27/04/2015 08:00 BST | Updated 27/06/2015 06:59 BST

Nepal Earthquake: The Crisis Outside Kathmandu Valley

The 7.9 magnitude earthquake that hit Nepal on Saturday morning can only be described as a 'nightmare waiting to happen'. Mega-quakes like this one happen roughly every 80 years in Nepal, with over 9000 people being killed the earthquake of 1934. When I visited last year the possibility of another devastating earthquake was a matter of 'when' rather than 'if', however Nepal was in no way prepared for it. Rapid migration into the Kathmandu valley has occurred in recent years, with people living in hastily constructed buildings. Building regulations exist, but a relatively new democratic government, so corrupt that it released an X-factor style TV-show for politicians entitled 'Integrity Idol', fails to enforce them. Seismologists regularly say that Earthquakes don't kill people, buildings do. This has been very much the case in Kathmandu.

Nepal has thankfully received a huge amount of foreign aid. Luckily, a number of schools and hospitals in Kathmandu had been reinforced by various charities to ensure they would withstand the quake. Media teams from all over the world have closely been following the developments in Kathmandu and at Everest base camp. The situation in Kathmandu is obviously critical. However, the rural areas of Nepal face an even worse crisis.

I spent my summer in a village in the rural Helambu valley, Gunsa. To reach Gunsa, it took a 6-hour jeep ride, and then a 5-hour uphill hike. The area is so difficult to reach that the government doesn't even bother to collect their taxes. The school has never had a government inspection in its history. The village can only be described as medieval; the houses were made out of mud and bricks without concrete, children washed in the waterfall with the buffalo they were minding. The majority of villagers are subsistence farmers.

I have painted an idyllic picture, but Gunsa faced a set of serious problems, even before the earthquake struck. Mohan, our host, sadly told me that the reason there were so few older girls in school was because they were sent to Mumbai to find work, but often ended up as child prostitutes. Younger children had the bloated bellies that are a telltale sign of malnourishment. Parent regularly lost children due to lack of medical care. The government has obviously taken an 'out of sight, out of mind' attitude to villages like Gunsa.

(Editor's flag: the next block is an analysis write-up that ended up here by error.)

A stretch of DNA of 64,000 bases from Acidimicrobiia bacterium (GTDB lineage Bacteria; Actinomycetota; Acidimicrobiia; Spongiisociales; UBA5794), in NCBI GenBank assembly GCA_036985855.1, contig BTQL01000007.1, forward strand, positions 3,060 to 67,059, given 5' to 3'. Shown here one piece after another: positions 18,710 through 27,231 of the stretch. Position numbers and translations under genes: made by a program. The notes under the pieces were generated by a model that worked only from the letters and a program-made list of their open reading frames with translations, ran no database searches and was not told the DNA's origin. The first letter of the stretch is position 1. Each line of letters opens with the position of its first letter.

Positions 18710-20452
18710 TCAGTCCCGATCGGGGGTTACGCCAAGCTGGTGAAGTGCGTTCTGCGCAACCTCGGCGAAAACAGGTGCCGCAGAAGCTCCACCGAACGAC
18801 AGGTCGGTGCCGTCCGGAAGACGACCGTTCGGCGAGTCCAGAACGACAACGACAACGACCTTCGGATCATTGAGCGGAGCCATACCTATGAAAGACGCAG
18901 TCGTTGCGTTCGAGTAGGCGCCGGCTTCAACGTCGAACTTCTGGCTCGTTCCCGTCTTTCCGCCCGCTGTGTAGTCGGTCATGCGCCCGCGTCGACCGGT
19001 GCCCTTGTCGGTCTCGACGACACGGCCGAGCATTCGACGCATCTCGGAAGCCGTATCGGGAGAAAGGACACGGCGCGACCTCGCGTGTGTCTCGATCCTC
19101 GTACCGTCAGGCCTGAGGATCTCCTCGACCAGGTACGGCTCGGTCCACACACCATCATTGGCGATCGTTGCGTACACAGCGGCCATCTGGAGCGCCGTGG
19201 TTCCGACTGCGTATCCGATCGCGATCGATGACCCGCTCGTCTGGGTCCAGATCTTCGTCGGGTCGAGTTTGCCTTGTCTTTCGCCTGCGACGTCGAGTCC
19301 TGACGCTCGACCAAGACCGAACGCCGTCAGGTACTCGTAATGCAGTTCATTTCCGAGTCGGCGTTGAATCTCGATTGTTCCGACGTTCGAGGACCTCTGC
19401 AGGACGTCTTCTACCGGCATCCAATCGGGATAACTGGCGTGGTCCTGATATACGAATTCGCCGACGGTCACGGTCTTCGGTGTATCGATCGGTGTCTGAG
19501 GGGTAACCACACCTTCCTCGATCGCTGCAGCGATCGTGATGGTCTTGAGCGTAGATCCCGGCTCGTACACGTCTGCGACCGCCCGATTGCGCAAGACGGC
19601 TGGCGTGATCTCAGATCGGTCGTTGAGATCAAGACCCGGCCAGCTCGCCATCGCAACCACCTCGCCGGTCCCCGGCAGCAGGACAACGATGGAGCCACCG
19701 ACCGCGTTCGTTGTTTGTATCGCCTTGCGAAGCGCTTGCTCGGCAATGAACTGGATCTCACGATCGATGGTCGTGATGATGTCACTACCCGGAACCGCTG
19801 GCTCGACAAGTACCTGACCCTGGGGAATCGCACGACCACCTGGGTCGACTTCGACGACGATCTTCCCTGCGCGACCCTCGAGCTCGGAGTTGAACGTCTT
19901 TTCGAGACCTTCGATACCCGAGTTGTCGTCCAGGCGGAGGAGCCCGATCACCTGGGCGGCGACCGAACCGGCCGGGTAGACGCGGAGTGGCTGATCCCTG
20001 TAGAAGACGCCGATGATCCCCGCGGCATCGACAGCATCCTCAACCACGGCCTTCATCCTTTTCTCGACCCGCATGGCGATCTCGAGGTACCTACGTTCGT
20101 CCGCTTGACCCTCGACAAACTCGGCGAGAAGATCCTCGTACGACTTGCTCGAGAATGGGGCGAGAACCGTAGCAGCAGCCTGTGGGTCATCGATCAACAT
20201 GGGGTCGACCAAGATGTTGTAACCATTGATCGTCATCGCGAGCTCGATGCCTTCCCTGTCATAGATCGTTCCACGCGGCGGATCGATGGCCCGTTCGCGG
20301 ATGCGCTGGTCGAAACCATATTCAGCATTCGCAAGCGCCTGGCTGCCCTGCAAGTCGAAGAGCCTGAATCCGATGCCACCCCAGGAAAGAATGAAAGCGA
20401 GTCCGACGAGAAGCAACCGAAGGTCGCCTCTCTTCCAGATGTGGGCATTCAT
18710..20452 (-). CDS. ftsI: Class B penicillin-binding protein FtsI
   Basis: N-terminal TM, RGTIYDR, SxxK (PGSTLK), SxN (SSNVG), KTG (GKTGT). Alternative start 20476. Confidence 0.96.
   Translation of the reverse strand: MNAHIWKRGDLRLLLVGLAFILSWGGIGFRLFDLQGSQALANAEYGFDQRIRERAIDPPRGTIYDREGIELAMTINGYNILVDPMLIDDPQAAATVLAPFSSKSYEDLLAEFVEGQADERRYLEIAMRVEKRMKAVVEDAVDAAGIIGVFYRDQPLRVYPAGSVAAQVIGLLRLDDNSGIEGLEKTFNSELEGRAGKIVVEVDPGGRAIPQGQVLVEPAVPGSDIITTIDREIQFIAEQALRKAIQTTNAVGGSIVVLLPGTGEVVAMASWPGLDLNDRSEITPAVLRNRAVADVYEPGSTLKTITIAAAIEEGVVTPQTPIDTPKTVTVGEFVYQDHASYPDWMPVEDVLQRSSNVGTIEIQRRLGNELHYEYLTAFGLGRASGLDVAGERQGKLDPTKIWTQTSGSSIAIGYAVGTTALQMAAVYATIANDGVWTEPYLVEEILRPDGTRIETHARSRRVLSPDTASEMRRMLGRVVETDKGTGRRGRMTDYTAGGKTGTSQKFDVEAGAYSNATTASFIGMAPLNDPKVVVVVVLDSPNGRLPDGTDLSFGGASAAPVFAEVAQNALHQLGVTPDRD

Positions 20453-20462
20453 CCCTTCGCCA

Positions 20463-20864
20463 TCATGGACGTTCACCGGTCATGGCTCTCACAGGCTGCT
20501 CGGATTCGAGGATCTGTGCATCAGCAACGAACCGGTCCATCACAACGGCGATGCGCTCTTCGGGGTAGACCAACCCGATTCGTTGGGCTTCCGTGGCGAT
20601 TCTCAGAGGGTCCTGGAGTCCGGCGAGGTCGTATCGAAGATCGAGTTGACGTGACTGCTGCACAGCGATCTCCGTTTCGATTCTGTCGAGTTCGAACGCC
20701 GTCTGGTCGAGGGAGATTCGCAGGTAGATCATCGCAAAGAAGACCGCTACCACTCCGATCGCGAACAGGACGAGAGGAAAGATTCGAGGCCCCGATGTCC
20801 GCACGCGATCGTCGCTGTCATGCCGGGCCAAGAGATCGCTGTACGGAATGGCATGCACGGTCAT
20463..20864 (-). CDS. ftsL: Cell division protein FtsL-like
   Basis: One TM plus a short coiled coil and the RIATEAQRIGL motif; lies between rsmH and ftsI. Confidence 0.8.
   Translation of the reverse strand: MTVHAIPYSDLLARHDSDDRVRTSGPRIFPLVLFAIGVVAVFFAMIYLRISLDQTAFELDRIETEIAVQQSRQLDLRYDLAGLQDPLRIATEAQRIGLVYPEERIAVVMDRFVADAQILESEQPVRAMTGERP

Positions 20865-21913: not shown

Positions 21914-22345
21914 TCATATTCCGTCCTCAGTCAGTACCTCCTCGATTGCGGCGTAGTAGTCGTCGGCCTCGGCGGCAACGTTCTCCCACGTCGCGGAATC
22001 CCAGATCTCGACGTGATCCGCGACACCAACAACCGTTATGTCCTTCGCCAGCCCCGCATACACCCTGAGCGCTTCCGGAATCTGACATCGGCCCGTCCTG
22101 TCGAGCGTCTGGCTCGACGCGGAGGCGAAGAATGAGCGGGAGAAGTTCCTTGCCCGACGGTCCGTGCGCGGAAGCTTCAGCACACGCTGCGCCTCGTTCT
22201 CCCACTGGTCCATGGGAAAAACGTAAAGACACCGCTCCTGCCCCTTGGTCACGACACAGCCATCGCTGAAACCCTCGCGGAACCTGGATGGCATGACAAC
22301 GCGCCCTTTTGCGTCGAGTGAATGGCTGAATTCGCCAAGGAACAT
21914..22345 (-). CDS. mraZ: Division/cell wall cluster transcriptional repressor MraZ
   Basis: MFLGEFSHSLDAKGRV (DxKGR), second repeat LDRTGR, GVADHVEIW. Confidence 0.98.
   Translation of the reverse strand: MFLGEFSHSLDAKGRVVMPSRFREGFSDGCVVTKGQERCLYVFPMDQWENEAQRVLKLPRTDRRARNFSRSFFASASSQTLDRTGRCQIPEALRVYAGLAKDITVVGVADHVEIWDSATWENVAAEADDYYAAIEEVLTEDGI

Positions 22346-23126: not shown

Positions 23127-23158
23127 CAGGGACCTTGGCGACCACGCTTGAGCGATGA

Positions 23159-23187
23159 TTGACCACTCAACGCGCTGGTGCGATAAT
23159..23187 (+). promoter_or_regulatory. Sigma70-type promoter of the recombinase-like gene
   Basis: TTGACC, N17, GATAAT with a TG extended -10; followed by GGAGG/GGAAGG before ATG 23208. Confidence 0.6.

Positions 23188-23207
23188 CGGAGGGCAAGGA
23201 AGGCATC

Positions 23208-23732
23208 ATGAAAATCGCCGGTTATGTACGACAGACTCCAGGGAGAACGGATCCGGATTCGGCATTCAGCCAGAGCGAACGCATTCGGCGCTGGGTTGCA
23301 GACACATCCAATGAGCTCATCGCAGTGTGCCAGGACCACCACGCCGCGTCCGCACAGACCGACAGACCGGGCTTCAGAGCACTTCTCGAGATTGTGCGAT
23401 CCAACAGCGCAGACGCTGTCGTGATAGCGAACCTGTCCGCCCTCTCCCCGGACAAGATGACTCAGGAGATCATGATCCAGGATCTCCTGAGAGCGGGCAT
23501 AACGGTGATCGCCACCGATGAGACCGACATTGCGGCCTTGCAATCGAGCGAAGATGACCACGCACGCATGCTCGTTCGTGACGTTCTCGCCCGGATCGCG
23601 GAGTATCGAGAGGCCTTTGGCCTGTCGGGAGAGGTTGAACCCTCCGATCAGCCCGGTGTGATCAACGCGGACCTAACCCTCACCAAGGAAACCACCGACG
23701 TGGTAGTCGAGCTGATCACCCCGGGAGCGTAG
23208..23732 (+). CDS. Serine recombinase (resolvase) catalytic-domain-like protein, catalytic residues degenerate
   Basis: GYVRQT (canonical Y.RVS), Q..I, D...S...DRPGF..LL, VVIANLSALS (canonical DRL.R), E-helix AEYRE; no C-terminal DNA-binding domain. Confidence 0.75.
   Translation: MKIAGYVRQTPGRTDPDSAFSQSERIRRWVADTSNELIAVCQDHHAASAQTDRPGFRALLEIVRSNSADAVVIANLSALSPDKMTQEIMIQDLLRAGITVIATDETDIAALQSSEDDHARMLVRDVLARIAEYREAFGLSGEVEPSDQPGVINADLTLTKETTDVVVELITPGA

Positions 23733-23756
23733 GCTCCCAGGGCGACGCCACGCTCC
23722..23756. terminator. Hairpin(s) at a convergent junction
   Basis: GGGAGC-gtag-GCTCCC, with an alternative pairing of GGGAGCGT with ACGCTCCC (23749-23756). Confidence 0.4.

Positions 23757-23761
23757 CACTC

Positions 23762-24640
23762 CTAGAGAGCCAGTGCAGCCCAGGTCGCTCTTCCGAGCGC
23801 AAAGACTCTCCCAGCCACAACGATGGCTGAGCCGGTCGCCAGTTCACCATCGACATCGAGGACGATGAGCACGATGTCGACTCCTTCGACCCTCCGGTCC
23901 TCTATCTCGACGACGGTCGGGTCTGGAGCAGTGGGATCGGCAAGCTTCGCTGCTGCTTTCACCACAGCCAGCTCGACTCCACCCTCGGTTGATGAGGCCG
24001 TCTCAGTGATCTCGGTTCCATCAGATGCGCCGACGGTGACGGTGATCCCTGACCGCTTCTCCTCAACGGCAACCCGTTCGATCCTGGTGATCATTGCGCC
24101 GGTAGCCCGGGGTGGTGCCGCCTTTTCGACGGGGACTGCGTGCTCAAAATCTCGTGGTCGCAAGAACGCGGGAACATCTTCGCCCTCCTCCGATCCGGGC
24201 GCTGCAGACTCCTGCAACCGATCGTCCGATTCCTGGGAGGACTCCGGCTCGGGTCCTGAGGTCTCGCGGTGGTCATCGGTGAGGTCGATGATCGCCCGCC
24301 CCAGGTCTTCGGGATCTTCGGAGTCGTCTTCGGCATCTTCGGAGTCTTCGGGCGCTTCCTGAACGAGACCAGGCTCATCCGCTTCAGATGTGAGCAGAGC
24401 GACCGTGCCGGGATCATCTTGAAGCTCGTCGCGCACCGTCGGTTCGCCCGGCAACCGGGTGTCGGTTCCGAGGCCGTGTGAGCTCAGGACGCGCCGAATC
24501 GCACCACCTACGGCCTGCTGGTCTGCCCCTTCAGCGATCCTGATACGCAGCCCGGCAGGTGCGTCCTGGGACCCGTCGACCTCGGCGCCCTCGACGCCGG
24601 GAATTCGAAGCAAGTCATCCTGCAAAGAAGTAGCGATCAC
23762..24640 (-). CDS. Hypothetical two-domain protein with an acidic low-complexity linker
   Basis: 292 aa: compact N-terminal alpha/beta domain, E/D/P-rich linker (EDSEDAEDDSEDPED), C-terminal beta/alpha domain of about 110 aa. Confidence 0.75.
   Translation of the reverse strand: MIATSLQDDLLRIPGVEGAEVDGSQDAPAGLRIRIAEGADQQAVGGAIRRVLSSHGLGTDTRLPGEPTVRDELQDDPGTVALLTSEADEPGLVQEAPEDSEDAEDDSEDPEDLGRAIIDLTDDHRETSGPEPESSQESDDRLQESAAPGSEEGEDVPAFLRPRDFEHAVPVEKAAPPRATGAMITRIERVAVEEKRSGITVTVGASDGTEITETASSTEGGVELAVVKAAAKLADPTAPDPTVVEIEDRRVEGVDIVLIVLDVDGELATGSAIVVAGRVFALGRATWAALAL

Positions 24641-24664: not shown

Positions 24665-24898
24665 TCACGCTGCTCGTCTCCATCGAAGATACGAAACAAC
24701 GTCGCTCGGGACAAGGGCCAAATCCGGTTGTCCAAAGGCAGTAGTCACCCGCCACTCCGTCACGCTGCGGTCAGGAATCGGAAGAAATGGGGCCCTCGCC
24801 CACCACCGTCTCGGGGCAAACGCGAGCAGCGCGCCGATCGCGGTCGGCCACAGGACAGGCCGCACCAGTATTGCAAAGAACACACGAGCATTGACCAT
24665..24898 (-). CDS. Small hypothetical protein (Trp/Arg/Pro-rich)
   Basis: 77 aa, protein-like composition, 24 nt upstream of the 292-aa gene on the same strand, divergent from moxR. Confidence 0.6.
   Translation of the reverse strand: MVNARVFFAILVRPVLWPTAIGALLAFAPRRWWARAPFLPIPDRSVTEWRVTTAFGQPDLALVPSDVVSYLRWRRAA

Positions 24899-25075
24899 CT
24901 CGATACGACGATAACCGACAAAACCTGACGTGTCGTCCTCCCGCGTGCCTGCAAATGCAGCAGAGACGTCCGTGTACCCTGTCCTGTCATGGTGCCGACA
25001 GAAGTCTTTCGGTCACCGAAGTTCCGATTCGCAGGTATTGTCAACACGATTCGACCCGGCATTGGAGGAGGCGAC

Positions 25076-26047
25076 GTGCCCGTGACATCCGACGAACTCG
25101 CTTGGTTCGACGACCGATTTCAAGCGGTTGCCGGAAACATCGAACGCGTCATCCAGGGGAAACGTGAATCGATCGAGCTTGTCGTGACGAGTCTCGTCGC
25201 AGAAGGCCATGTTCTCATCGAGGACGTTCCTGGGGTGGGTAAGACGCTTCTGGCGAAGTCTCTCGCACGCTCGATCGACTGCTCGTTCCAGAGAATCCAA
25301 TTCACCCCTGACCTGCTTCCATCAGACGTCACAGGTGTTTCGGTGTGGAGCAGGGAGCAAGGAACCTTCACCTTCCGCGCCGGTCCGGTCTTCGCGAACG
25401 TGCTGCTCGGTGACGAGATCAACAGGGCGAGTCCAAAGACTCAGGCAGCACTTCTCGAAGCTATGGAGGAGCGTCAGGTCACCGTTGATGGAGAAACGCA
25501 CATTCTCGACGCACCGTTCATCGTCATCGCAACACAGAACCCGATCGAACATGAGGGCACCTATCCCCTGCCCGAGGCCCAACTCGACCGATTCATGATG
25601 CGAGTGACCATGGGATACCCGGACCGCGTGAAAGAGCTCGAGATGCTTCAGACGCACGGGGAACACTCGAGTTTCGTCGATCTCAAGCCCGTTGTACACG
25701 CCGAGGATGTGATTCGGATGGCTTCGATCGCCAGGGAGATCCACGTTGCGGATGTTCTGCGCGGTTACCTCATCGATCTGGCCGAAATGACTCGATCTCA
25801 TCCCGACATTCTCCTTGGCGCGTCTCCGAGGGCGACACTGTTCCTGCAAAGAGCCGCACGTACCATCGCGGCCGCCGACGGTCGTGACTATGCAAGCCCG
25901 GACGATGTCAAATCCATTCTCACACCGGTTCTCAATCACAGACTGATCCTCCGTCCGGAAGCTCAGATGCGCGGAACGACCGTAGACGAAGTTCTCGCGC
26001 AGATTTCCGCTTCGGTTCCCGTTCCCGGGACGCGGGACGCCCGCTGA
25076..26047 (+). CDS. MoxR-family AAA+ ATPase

A typical house in Gunsa. Source: own photos

It sounds like a cliché, but it is entirely true to say that despite all this the people of Gunsa were the most welcoming and kind I have ever met. We were invited to a different villager's house for tea (and 'Nepali water' their sake-like home brew) every day, to their hotel (misleadingly named, as it had no rooms to stay in) for snacks which we were not allowed to pay for, dressed up in Saris for their womens' festival and made to dance for three hours in the hope we would find husbands. It was a privilege to have been part of their unique community.


Children from Thangpalkot School. Credit: Imogen Buxton

You can imagine the impact the earthquake will have had on a village like Gunsa. The official death toll for the earthquake currently stands at just over 2500 people. But this does not take into account totally inaccessible villages that no media, officials or aid has reached. All the information we have had has been from social media messages friends in the villages have managed to send to the charity. I was heartbroken to hear yesterday morning that 60 people out of Gunsa's population of 400 have died, along with 50 people in neighbouring Thangpalkot. We received a Facebook message from Anu, the daughter of a family in Thangpalkot, who is currently living in Kathmandu. She wrote "there is no any house in my village". The image below shows that this wasn't an exaggeration.


Lower Thangpalkot after the Earthquake. Credit: Mina Thokar

Jimmy Lama, the head of the charity HELP Nepal has informed us that the roads in the Helambu valley to villages like Gunsa and Thangpalkot are completely impassable. The likelihood is that international charities like Oxfam and the British Red Cross will never get to Helambu. It is depressing to think that while Kathmandu will have the opportunity to rebuild, stronger, these villages that already had next to nothing, completely isolated and abandoned by their government in this time of crisis will have a much harder recovery process.

CU HELP, the Cambridge society affiliated to HELP Nepal, through which many students have volunteered has today launched an appeal to help these villages in Helambu who have been forgotten in the coverage of the disaster in Nepal. The appeal supports Mondo Challenge Foundation, the parent charity of HELP Nepal, who have people currently on the ground in Helambu assessing the damage to 30 villages in the region; they are the most effective means of reaching the Helambu communities. Within a day of launching the appeal, our past volunteers had already raised almost £4000. This is a testament to just how much these communities mean to us; we wanted to give back to the incredible people with whom we forged such strong friendships.

In Helambu there is just so much worth preserving. Abandoned by their government and out of the eyes of the media, rural areas like Helambu really do need extra support.

The link to donate is

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